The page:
Assistant Professor of Russian Shannon Donnally Quinn partnered with Eastminster Presbyterian Church in East Lansing to host a Ukrainian Easter Egg event on March 19, 2022. Around 50 people gathered at the church on a Saturday morning to learn about the art form from Ukraine and raise money to send to the country for relief.
Ukrainian Easter Eggs are a form of folk art that originated in Ukraine thousands of years ago. The Ukrainian word for one of these decorated eggs – писанка (pysanka), comes from a word that means “to write.” Ukrainian Easter Egg making uses a “wax-resist” method, which means that hot beeswax is applied to the eggs using a special stylus called a kistka in order to create the beautiful designs on the eggs. The egg is dyed in layers and the beeswax on the surface of the egg prevents those areas from being dyed in the new color (the wax “resists” the dye). Many of the designs on the eggs symbolize concepts either related to the Christian holiday of Easter or depict animals or other parts of nature.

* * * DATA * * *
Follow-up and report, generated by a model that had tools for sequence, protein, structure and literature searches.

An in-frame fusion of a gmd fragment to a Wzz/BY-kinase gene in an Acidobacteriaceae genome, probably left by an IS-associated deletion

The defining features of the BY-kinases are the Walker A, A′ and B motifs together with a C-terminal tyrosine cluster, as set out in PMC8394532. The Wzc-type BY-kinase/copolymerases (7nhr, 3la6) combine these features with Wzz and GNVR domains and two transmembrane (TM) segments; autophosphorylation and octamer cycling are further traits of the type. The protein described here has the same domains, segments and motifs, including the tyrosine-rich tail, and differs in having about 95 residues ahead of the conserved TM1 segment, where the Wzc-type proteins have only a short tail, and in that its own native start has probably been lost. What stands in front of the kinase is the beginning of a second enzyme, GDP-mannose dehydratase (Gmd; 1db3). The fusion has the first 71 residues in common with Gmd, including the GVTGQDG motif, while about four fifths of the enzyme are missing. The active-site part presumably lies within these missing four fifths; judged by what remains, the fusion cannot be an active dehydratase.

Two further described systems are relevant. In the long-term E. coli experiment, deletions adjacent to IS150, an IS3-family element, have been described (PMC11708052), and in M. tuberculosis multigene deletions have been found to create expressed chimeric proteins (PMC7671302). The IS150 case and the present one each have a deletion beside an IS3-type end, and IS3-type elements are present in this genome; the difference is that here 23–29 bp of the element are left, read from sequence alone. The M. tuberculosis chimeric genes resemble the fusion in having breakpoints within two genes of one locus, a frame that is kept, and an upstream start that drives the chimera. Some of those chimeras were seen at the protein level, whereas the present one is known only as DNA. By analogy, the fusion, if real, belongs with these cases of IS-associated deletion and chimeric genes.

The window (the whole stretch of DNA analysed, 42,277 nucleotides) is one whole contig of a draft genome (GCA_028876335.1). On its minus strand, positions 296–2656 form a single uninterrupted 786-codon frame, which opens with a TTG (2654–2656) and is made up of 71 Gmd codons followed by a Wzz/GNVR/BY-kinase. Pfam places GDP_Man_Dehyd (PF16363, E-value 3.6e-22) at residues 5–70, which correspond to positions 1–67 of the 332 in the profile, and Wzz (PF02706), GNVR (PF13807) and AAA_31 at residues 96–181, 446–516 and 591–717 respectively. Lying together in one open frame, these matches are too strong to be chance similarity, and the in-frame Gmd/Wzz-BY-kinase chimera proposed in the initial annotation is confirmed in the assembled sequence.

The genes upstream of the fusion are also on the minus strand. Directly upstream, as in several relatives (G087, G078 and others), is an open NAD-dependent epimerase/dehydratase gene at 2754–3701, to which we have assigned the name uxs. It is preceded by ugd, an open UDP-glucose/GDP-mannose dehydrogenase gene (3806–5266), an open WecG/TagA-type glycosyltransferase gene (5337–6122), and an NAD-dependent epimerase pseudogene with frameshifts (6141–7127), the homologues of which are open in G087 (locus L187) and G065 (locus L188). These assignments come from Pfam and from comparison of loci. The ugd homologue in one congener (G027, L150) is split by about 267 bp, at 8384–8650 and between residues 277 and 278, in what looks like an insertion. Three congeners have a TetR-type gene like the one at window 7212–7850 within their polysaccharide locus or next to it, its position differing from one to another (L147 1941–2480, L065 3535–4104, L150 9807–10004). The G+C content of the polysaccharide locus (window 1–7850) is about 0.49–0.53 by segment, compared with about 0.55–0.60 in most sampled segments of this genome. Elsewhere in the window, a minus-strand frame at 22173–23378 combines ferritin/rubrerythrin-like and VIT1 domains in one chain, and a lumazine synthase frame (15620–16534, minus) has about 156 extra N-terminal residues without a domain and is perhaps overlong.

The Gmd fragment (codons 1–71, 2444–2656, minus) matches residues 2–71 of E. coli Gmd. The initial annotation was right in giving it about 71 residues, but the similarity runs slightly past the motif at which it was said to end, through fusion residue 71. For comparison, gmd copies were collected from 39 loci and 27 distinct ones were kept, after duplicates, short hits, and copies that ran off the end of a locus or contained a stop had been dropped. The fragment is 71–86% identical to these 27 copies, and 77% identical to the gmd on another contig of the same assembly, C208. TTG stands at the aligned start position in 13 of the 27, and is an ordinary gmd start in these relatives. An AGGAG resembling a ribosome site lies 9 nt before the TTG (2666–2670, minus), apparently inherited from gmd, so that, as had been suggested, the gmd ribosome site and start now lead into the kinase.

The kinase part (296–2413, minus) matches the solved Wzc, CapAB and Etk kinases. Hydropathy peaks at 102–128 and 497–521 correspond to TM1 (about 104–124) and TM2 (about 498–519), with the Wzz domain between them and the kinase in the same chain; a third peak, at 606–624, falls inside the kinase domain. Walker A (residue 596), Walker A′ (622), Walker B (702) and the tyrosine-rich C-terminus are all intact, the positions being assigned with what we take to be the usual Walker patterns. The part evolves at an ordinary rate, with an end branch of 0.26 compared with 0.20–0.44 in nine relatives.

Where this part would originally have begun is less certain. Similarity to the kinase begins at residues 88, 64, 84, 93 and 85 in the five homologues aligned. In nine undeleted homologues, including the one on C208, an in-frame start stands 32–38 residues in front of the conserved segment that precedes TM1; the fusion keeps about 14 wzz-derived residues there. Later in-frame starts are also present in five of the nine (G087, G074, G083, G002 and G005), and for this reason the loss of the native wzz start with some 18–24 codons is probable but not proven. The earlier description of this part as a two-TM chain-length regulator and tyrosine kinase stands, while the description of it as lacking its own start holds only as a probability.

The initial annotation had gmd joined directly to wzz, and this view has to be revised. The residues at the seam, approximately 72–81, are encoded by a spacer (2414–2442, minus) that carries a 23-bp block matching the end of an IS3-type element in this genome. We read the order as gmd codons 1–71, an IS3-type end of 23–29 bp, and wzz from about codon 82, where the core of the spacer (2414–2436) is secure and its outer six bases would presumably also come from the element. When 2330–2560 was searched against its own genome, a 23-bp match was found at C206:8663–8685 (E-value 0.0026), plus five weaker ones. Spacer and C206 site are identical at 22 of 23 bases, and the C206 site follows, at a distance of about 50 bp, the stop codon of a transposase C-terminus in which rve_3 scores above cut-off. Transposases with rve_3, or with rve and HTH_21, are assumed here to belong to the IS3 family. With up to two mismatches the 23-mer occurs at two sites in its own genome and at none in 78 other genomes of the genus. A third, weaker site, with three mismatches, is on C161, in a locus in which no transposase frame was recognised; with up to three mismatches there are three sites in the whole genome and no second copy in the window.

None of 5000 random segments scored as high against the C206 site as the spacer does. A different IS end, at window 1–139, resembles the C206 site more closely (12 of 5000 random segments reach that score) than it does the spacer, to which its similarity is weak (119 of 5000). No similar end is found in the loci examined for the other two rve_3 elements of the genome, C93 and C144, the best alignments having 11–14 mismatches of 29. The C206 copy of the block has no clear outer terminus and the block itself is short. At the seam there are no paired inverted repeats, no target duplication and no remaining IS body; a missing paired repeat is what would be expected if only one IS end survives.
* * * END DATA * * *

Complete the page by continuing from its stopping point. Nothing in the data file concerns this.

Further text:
“When you make the egg, the black beeswax gradually builds up on the egg, and you can’t see the beautiful design that is on the egg,” Quinn said. “At the end of the process, you melt the black wax off, and sometimes you are surprised by the beauty that you find underneath. For some people it can serve as a religious symbol. It can also be a metaphor for new life after a long winter, or the beauty of a culture that we hope will survive the darkness of war.”
Professor Quinn and the Eastminster Presbyterian Church provided all supplies for the event, which means that all the money raised will go to support Ukraine relief through the Presbyterian Disaster Assistance fund.
Dr. Quinn also invites others to learn the art of pysanky through her online lesson that shows the method. “I hope that you will enjoy this art form and also support organizations that are working to preserve the cultural traditions of this country.”